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I don't know what you mean by "void" area; however, you should expect about an 8% reduction in reflected light from a perf. screen. Now, on the other hand, your eye cannot perceive a difference in brightness of less than about 10%. (The difference between dimming a light to 90% bright versus 100% is not realized by you ... only the power company.)

The point about lights in the room (FPTV/RPTV) is a careful balancing act between picture quality and fatigue. Any light *you* can see in the room is also being "seen" by your screen. For example, if you can stand at the screen, with the lights dimmed to "movie" level, and you can tell the walls are red, you have red reflected light on your screen as well.

The degree to which that will affect picture quality is a variable from venue to venue. If any of you have had a FPTV/RPTV calibrated, it was done with zero light in the room.

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post #5 of 9 Old 01-08-2000, 11:15 PM - Thread Starter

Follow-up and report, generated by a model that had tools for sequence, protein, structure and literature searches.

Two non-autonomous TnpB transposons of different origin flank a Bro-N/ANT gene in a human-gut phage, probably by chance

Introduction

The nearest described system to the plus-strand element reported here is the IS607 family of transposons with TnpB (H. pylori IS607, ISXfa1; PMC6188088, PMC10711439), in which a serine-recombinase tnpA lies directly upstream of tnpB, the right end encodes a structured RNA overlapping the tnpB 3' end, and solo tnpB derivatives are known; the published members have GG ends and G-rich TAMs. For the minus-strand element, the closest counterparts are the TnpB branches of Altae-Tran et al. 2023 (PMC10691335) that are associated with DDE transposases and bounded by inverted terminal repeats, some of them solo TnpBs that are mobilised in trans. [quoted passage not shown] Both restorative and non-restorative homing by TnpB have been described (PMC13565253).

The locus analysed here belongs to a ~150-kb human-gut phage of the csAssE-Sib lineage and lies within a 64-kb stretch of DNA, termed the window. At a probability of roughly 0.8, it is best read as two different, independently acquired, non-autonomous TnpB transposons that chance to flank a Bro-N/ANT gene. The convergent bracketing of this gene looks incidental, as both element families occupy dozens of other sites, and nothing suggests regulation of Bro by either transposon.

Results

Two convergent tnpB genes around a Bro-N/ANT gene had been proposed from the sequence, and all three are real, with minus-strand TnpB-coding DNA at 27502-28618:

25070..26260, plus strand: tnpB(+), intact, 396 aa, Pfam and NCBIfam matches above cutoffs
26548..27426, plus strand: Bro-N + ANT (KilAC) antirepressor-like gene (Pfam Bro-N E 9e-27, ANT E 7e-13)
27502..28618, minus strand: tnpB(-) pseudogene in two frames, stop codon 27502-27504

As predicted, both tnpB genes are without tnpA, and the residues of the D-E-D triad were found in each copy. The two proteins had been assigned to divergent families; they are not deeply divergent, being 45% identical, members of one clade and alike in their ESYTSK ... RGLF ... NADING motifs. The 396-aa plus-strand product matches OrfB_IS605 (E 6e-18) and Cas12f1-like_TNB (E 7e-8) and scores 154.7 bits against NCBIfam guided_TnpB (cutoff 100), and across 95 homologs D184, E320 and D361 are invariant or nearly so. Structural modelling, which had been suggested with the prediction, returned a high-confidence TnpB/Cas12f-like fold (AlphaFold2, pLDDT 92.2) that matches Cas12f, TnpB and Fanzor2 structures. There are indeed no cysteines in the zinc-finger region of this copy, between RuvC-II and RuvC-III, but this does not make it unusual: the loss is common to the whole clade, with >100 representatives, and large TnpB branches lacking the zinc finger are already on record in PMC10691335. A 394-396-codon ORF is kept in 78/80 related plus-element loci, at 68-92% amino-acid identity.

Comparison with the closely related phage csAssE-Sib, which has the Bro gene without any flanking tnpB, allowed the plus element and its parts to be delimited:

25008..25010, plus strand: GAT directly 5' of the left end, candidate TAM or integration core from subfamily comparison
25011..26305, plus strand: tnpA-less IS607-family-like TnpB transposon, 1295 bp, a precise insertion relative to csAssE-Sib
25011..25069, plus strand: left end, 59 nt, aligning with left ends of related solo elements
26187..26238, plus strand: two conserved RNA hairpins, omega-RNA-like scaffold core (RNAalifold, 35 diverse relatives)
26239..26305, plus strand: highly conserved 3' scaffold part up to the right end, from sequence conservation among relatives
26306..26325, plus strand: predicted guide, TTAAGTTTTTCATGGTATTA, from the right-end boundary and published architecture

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I disagree with the completely dark requirement. I have a 20 feet of rope light (small bulbs embedded in clear plastic) on a dimmer which surround the perimeter of my built-in entertainment center, which protrudes from the wall 6" (light is behind the screen plane). It reduces eyestrain and makes a nice halo effect reflecting off the back wall (a decidedly non-neutral creamy yellow).

Noah

Yes, by void area I meant the area of the holes.


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post #6 of 9 Old 01-09-2000, 03:49 PM
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Did someone interpret my post to mean, no lights on in the room? Not my intent. One must be careful as to how it is done.

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post #7 of 9 Old 01-09-2000, 07:55 PM - Thread Starter
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Thanks again, Peter.

The rope light is actually an interim setup until I redo my invisible, embedded-in-the-molding sidelighting fiber optics which was supposed to do the same thing, but I was sold sub-par stuff by a place that has since disappeared.

It was supposed to be stealth backlighting; no evidence of lights until turned on and the wood glows through the paint.